Philippine Protestant and Catholic leaders plan continued activism: Against extrajudicial killings and environmental destruction

Roman Catholic and Protestant leaders in the Philippines, Asia’s most predominantly Christian nation, have said they plan to be as active in the affairs of civil society this year as they have been in the past.

Christians have been active in the social and political life of this mainly Catholic country, particularly in the campaigns against environmentally destructive industries and extrajudicial killings. They have also supported farmers’ calls for genuine agrarian reform and have been involved in peace-building efforts.

Both the Catholic Bishops Conference and the National Council of Churches in the Philippines have condemned environmentally destructive industries such as large-scale mining. The council’s general secretary, Rex Reyes, said such mining dislocates and further impoverishes indigenous and rural populations.

In 2007 both groups also demanded peaceful negotiations in armed conflicts between the government and the communist-led New People’s Army and the Moro Islamic Liberation Front. “We surely will pursue the peace talks in the days ahead,” Reyes said.

Many Filipinos view the military as tainted by corruption since the late dictator Ferdinand Marcos ruled from 1972 to 1986. Critics said Marcos made the military his private army. Protestant minister Daneck Dang-awan said he and other chaplains at the Philippine Military Academy hope to strengthen the moral and spiritual character of cadets to withstand the temptations.

The issue of extrajudicial killings in the Philippines gained international prominence after churches sent a delegation to Washington, D.C., last March.

Led by a Catholic and two Protestant bishops and six leaders of human rights organizations, the delegation spoke at a congressional hearing about political killings of more than 800 civilians and the disappearances of another 196 since 2001. Those killed have included priests, pastors, human rights workers, labor and farm leaders and journalists—all of them strong critics of the government.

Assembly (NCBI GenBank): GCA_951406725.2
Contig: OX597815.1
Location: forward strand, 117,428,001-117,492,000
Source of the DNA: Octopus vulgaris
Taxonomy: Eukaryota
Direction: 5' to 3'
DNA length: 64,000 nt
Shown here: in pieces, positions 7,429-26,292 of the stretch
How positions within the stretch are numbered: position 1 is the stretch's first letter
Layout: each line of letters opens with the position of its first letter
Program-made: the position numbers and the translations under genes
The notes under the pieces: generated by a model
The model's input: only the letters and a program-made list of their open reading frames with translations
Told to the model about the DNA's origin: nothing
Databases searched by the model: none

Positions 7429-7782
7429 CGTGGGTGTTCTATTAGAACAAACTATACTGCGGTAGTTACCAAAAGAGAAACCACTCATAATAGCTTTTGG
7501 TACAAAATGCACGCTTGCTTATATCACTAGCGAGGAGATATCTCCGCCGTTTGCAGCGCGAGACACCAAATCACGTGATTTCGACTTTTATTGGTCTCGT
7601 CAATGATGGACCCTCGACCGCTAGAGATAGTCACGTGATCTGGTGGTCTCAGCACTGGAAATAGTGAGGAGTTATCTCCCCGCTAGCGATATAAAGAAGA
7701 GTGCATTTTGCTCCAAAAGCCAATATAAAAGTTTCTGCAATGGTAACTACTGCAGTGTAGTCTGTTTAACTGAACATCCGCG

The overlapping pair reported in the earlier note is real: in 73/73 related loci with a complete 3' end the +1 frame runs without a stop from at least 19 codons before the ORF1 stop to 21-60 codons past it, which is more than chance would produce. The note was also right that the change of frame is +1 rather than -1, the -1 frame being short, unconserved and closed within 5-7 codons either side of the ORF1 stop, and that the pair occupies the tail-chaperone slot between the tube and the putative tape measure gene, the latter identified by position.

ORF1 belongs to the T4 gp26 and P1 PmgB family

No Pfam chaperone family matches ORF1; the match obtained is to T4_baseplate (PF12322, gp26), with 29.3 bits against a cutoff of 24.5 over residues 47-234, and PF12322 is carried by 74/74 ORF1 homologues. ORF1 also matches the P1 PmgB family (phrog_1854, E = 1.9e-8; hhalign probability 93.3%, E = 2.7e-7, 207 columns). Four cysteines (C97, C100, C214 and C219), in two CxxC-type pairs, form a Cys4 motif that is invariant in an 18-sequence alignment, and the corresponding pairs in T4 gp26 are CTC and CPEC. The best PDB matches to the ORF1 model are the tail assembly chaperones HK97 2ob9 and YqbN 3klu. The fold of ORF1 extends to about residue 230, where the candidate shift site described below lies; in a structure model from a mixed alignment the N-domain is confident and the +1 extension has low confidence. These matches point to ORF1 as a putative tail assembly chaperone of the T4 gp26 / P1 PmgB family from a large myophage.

The council’s international campaign against extrajudicial killings paid off. Senator Barbara Boxer (D., Calif.) convinced her colleagues to investigate the use of U.S. military aid to the Philippines in perpetrating such killings and other human rights violations.

Late last year the Catholic bishops gave high-profile support to 54 farmers from Sumilao in the southern Philippines who were seeking plots of land to till as provided for by the country’s 1987 agrarian reform law. The farmers dramatized their call by marching for two months, starting October 10, to Manila. A number of Catholic seminarians took part in the march.

While the conference and council generally have been critical of the government in Manila, evangelist Brother Mike Velarde, who leads a Catholic renewal group called El Shaddai, has served as President Gloria Macapagal-Arroyo’s spiritual adviser.

Velarde has blessed some of Arroyo’s controversial actions, including the pardon granted to former president Joseph Estrada, who was supposed to serve a life sentence after being found guilty of large-scale corruption. –Ecumenical News International